When I was studying at university in the early 1970s, one of my hobbies was to read the Rock And Roll press, and one of my favourite magazines back then was Crawdaddy. My brother had turned me on to that cool magazine in the late 1960s. It was a great way to find out what was really going on.
In the March 1974 issue of Crawdaddy, there was a terrific interview with John Lennon (recommended reading!). In several of the pictures, John appeared in a Los Angeles garden wearing a button that carried the slogan "Back To MONO". This was at a time when young adults were listening to their stereo albums on headphones, and Pink Floyd had just produced their magnum opus "Dark Side Of The Moon".
As it turns out, that little button carried a statement that resonated with me and I admired it. I was used to hearing singles, EPs and albums in both mono and stereo formats. So I looked for one of those little red buttons, and that took me ages, but I finally found one. It was the symbol of a small trend that was cool.
Record buyers like myself started wondering about mono versus stereo records in our collections, and it was around this same time that we began to look backwards at the evolution of Rock And Roll. Nuggets was a very cool "garage rock" package in 1973 that was a mono-fiesta. Even in the early to mid 1970s, British groups like Dr. Feelgood were issuing their albums in mono to capture a better, rawer sound. Punk groups that emerged in the 1970s cared little for stereo effects. But before that, there was a mono "Instant Karma" in 1970 with Phil Spector producing. MONO was directly associated with Phil Spector and his Wall Of Sound.
MONO recordings died a commercial death in early 1968 in North America. Death occurred a little later in England, as there were mono White Albums issued in November 1968, and mono copies of the Yellow Submarine album shortly after that. There were also mono editions of Let It Bleed by the Rolling Stones on Decca.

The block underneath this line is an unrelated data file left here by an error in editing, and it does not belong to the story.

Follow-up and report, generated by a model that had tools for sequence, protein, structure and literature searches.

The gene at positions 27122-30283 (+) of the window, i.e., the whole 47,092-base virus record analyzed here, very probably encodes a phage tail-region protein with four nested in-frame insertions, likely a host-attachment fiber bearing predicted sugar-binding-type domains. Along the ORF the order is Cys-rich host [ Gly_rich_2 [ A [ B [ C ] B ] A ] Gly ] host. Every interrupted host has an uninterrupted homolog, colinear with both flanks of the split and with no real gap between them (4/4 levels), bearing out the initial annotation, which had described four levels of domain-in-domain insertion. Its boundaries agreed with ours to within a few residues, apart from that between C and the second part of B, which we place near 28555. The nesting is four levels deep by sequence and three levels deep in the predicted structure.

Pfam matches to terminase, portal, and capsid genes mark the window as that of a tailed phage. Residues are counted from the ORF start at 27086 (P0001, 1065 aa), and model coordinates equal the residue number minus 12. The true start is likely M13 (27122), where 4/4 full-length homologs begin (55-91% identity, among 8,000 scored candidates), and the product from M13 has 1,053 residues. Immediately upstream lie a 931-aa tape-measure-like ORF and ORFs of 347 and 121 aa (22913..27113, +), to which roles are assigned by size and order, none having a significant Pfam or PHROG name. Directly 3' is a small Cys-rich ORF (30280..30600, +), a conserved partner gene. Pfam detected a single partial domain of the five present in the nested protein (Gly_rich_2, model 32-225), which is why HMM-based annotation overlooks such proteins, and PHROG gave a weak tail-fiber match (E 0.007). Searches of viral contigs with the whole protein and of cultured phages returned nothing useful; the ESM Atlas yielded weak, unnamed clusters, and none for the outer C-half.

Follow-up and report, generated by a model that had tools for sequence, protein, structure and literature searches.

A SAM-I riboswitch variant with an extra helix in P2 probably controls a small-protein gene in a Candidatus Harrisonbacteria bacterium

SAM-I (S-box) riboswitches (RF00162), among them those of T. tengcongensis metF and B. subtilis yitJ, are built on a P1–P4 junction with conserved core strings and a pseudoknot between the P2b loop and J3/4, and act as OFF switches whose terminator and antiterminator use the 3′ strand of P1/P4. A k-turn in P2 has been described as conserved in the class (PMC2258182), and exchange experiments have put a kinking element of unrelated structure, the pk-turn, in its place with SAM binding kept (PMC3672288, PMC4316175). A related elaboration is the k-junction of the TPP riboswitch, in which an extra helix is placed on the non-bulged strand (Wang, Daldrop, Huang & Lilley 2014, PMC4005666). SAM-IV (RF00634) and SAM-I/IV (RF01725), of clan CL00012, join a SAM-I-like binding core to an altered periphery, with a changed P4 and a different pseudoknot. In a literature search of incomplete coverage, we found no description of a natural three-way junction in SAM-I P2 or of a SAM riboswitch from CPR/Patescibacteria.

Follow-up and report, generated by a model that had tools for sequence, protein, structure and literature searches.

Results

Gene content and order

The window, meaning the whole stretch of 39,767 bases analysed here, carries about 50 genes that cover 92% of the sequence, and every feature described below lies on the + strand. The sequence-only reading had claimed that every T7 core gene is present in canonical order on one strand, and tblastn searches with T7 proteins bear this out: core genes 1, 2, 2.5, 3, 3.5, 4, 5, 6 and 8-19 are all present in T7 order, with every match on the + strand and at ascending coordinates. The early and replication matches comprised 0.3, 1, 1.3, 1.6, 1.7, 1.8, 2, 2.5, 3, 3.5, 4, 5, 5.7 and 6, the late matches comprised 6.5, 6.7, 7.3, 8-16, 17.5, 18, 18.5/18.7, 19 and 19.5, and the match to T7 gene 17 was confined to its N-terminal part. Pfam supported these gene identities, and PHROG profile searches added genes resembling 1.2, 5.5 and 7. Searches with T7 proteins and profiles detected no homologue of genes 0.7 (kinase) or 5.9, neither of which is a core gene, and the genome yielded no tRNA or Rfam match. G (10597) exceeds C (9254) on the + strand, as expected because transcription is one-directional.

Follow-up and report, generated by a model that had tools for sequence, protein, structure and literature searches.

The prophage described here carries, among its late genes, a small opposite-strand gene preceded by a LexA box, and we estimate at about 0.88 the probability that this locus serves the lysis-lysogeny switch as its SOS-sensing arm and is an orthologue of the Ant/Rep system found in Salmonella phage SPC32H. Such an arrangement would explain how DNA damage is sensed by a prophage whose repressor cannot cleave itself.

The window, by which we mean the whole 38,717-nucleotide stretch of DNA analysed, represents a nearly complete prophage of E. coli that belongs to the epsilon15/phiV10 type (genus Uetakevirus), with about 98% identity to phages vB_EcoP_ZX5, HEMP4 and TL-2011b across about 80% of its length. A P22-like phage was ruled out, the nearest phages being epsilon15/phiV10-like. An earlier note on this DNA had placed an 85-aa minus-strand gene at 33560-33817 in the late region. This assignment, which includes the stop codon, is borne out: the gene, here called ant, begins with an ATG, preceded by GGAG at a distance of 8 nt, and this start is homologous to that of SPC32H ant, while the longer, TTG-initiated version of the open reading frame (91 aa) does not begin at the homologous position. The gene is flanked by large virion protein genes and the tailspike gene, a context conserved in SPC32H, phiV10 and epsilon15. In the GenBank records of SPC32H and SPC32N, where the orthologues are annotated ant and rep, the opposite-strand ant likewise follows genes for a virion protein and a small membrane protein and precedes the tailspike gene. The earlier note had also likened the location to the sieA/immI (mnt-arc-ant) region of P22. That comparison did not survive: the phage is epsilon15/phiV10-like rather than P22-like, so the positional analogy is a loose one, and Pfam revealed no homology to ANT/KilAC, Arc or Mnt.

But in early 1968, the large North American record companies must have been pushing to stop pressing mono albums as it was simply more expensive to create two versions (eg mono and stereo) of each new album that was released. This was getting more expensive at a time when teens had finally migrated to the LP format in 1967, and were buying more albums than they ever had before. The Top 50!
Here are more than 50 LPs that were issued in Canada in MONO that will be of interest for record collectors as they are different mixes from their stereo counterparts.
The Beach Boys - Per Sounds, Smiley Smile, Wild Honey
The Beatles - Sgt. Peppers Lonely Hearts Club Band, Magical Mystery Tour, Meet The Beatles, Second Album
The Pink Floyd - Piper At The Gates Of Dawn
Manfred Mann - Soul Of Mann, Mann Made Hits
Paul Jones - Privilege
Peter And Gordon - Knight In Rusty Armour, In London For Tea
Dave Clark Five - You've Got What It Takes, Everybody Knows